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Bear Pirate Viking Queen #1
Image Comics

Comic Books

‘Bear Pirate Viking Queen’ #1 review

A stereotypical character and watercolor art mar this dark tale of pirates and madness.

Captain Paul Reddish, mad captain of a pirate crew, wrestles with his sanity, his crew and a bear(??) in Bear Pirate Viking Queen #1, written by Sean Lewis with art and letters by Jonathan Marks Barravecchia.

I generally love a good pirate tale because pirates were the last class of people who were truly free (if they could dodge being captured, of course).  They lived off the seven seas and only followed their own skewed code of honor. But I didn’t enjoy this book, partly because Paul Reddish seemed like the same character we’ve seen in other better pirate stories (like Moby Dick).   Captain Ahab’s mad obsessions were gripping and you understood what made him the man he was. Reddish seems locked in constant battle with a huge bear on the ship, which most likely is just a figment of his imagination. I didn’t find much interesting about Reddish; the situations he and his crew get into throughout the book are more interesting than the character himself.

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The artwork holds the story back, too. Jonathan Marks Barravecchia does the entire book in watercolor, and at times the impressionistic art makes it hard to tell what’s going on.  I have nothing against the art itself – the individual cells would be lovely hanging in an art gallery, but in terms of telling a story, it makes discerning characters and the environment nearly impossible.  It’s the same issue I’ve had in the past with artists like Bill Sienkiewicz, another artist who dabbles in an impressionism.  In some panels, I couldn’t tell if I was looking at Reddish, the bear, or the ocean.  They just seemed to all meld together.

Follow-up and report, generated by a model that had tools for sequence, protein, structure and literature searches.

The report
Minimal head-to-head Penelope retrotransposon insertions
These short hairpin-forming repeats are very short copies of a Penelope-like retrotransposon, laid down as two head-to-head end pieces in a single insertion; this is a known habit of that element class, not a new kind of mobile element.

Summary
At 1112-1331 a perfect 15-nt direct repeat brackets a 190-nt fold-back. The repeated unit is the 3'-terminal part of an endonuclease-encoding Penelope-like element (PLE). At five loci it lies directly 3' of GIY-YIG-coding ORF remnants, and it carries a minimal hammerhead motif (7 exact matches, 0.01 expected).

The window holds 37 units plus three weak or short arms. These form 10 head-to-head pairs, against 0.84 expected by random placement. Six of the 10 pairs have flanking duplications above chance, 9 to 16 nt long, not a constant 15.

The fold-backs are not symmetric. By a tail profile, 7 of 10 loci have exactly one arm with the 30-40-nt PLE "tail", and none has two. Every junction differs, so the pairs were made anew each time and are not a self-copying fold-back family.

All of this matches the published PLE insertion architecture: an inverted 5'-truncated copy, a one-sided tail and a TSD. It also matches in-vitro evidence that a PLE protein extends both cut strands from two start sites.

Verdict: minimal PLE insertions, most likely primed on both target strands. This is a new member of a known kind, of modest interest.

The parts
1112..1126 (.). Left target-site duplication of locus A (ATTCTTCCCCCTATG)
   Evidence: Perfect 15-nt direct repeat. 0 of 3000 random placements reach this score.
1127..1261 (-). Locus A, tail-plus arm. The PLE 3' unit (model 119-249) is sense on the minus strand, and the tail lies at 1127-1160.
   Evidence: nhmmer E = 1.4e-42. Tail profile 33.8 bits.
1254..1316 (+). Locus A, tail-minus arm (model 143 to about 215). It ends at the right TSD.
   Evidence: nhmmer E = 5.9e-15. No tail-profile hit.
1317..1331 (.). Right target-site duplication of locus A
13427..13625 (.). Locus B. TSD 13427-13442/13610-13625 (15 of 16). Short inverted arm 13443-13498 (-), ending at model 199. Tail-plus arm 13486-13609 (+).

On the plus side, the book (which is a whopping 68 pages) never slows down, moving from action piece to action piece in a manner similar to The Odyssey, with Reddish and his crew battling against the Queen’s Navy, the forces of nature and even an ancient mythological-style being.  So even though the book is double-sized nothing in it feels like filler.

The sequence with the Queen’s Navy is especially thrilling as Reddish shows that, besides being a madman, he’s also a brilliant tactician too.

There’s a dark ominous atmosphere running through the book that makes the tale a borderline horror story, especially at the climax of the book.  If you’re looking for a fun, devil-may-care, Pirates of the Caribbean-style romp, this isn’t it. But if you like a book that’s a bit different from everything else on the shelves, give this a try.

Bear Pirate Viking Queen #1
‘Bear Pirate Viking Queen’ #1 review
Bear Pirate Viking Queen #1
A stereotypical character and watercolor art mar this dark tale of pirates and madness.
Reader Rating1 Votes
9.1
The book is filled with action and never slows down.
There's a dark and gothic atmosphere throughout.
Main character Paul Reddish seemed very cliche.
The watercolor artwork is an impressionistic style that makes it occasionally difficult to understand what's going on.
6
Average
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